CUBA Havana restoration brings back the city's yesteryear charm
FOUR years after the Cuban government started its ambitious effort to restore the cathedrals, colonial mansions, and plazas of Old Havana, the historic district is showing signs of its old glory. The plaza of the Cathedral of St. Christopher, whose 17th and 18th century buildings once served as a religious center of Cuban life, is almost fully restored, with museums of colonial art taking up lower floors. The once deteriorated buildings alongside the landmark Plaza de Armas have been transformed into a complex of quaint shops that sell the medicinal herbs, meats, mineral water, and sweets they sold long ago.
The restoration of one of Latin America's most important historic areas was started by the Cuban government in 1981 with an $11 million project to renovate more than 30 buildings. The next phase will be a $30 million project to restore another 44 buildings.
The project represents a shift in emphasis for Cuba's communist government, which during the first years after the 1959 revolution, focused on developing the countryside. It also comes in the midst of a strong effort to increase foreign revenues by expanding the tourist industry.
Joining other more renowned historic cities, such as Athens, Rome, and Venice, Old Havana has been recognized by the United Nations Educational, Scientific, and Cultural Organization as a ``patrimony of humanity.'' UNESCO is supplying some funds and technical assistance to the renovation process.
``There is everything here: castles, convents, forts,'' said Havana's official historian Eusebio Leal. He called the restoration of the city a ``vital necessity'' for the ``salvation of the national identity.''
Mr. Leal and other historians describe the district's architecture as eclectic. The architecture incorporates a mixture of styles including Baroque and neo-classical, drawn mostly from 17th-, 18th-, and 19th-century Western Europe, particularly from Spain.
The city's most impressive buildings are the 408-year-old Castillo de la Fuerza, one of the oldest buildings in Latin America, and the Morro Castle. These massive structures, built for defense, stretch along Havana's port. Hemingway favorites
The city's more recent history includes the wayfaring days of author Ernest Hemingway. During the 1930s, his home was the modest and now run-down ``Ambos Mundos'' Hotel in Old Havana. His favorite hangouts include two of Old Havana's most popular restaurants, the Floridita and the Bodeguita del Medio, now being renovated.
While the restored buildings have regained their old form, the sprawling district still has many deteriorating tenements. Their crumbling balconies and grimy wrought iron only suggest their former beauty. Some landmark buildings have been lost. The church of Santo Domingo, built in the 17th century, was torn down to build a heliport during the prerevolutionary Batista era. ``It was barbarously destroyed,'' said Leal.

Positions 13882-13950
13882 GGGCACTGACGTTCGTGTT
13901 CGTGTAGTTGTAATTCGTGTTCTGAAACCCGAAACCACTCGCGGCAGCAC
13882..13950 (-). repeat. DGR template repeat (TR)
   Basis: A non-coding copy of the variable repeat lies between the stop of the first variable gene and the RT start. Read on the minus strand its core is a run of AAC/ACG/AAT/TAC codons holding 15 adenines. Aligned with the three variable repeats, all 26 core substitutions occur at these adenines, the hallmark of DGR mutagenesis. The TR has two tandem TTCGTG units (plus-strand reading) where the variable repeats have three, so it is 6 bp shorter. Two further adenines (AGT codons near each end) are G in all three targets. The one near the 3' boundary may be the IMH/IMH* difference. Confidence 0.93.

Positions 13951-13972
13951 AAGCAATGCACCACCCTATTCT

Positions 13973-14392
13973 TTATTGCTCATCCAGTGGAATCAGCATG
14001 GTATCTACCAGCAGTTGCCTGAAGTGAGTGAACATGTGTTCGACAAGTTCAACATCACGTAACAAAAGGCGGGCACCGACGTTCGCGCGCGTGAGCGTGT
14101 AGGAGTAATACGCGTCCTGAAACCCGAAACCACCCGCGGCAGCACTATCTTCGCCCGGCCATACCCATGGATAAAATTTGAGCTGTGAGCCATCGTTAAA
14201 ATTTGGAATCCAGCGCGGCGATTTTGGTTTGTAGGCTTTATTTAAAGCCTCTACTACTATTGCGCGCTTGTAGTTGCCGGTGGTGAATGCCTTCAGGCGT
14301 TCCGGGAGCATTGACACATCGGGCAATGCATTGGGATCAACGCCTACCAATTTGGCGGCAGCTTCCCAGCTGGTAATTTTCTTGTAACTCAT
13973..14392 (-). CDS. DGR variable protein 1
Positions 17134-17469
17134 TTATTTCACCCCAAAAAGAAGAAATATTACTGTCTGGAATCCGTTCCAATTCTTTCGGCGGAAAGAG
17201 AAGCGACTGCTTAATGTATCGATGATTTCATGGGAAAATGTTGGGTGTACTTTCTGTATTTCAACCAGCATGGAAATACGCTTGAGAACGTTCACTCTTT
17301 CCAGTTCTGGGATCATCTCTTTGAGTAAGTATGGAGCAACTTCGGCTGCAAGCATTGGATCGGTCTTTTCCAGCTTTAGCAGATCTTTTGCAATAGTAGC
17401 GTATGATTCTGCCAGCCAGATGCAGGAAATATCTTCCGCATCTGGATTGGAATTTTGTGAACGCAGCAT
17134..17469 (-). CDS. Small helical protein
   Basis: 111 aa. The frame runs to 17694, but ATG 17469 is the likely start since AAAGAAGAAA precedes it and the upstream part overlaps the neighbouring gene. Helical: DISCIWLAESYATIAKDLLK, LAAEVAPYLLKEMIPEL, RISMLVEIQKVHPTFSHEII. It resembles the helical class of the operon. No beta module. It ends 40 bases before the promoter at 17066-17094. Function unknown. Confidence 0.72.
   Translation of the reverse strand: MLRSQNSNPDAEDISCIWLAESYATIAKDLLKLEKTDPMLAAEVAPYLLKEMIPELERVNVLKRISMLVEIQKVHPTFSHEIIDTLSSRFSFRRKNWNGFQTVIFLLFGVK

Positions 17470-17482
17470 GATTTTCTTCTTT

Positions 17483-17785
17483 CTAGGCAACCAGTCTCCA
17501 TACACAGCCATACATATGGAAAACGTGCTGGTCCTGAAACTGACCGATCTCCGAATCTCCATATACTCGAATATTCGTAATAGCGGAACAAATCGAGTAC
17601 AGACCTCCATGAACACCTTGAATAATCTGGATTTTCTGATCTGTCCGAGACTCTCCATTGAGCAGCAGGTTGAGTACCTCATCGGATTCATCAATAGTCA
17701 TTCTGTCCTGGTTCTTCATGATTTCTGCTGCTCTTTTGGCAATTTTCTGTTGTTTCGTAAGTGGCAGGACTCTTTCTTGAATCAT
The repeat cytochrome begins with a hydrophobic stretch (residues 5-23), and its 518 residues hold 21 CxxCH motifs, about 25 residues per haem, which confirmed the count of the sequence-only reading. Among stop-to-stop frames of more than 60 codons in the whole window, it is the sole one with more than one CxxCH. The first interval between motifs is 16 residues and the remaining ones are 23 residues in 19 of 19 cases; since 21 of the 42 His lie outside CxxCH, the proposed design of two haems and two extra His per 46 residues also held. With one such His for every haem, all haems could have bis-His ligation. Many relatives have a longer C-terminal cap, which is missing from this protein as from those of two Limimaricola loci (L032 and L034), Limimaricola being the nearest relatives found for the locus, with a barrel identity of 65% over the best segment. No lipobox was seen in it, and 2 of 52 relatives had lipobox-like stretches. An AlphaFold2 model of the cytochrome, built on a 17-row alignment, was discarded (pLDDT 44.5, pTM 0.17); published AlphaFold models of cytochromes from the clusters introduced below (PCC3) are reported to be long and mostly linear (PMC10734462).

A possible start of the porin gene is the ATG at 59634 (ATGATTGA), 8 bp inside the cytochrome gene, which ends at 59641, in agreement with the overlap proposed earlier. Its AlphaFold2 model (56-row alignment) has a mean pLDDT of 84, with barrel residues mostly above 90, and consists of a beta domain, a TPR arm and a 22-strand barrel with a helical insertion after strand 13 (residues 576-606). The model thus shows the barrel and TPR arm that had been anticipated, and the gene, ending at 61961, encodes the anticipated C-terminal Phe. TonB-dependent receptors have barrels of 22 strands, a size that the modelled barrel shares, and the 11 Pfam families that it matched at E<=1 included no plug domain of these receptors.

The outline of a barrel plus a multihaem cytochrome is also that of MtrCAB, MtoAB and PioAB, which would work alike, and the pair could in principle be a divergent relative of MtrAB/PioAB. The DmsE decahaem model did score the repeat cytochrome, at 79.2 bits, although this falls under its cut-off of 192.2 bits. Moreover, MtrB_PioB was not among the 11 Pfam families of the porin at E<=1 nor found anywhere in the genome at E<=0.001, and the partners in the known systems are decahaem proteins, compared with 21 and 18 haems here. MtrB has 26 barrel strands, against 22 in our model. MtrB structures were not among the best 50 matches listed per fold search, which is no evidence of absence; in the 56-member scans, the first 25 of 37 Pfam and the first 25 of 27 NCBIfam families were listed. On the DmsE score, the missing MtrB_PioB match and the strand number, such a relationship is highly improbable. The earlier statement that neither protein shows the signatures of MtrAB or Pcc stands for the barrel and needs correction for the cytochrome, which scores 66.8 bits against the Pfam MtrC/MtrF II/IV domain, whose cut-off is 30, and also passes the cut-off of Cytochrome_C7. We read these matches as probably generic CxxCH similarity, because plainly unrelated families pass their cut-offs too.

The restoration is directed in part at tourists. Camera-laden foreigners, many of them Canadian and European, daily parade through the district's narrow, winding streets. Old Havana restaurants are frequently filled with foreign visitors.
Within the last year, Cuba has strengthened its effort to increase tourism, which brings in badly needed dollars. One plan calls for doubling hotel capacity by 1990, mostly by adding rooms in Havana, the Varadero beach resort, and Cayo Largo off Cuba's the southern coast. Cuba is also discussing several joint tourist development projects with other countries. Dollar appreciation
Dollar-bearing foreigners are given royal treatment. Workers at some restaurants told reporters that they allowed people with dollars to cut in front of waiting lines. The best hotels and resorts are filled mainly with foreigners, not Cubans. One tourism official said that one of the more luxurious resorts, the Hemingway Marina, is off limits to Cubans unless they arrive with a foreigner.
In an effort to attract wealthier tourists, the government is trying to improve what it admits are inferior services. Phone lines out of hotels are frequently poor. And finding transportation is always difficult, because Cuba has imported few cars since the 1959 revolution.
``The hotels are not high standard . . . and many people are used to where you push a button and get a cup of coffee,'' says In'es Girona, director of the North American promotion department of the National Institute of Tourism. ``We have to improve services,'' she added.
Ms. Girona says that most of the tourists are now attracted by the prospect of a Carribbean vacation at relatively low prices. Some of the tourists, especially those from Latin America, come to see firsthand the Cuban revolution, she said. Home sweet home
But those involved in the restoration say they are making sure that Old Havana does not become just a tourist attraction.
Although residents are being relocated while repairs are being made, the residents will be allowed to return after the restoration is completed. They say that the restored shops will remain functional, selling their traditional products to local residents.
Some of the residents interviewed were enthusiastic about the restoration of what has long been considered one of Havana's poorest districts. They pointed out the placards describing local history and in some cases added their own historical anecdotes.
But others seemed worried that the project might force them out. One resident, 77-year-old Maria Nectalina Delgado, said she prefers staying in her one-room apartment even if she is offered a better place.
``I have lived here 23 years,'' she said. ``This is my home.''
One man, carrying a sack of fish into the dark corrider of his crumbling building, said he was not confident the government would allow him to return.
``It's going to be a museum,'' he said.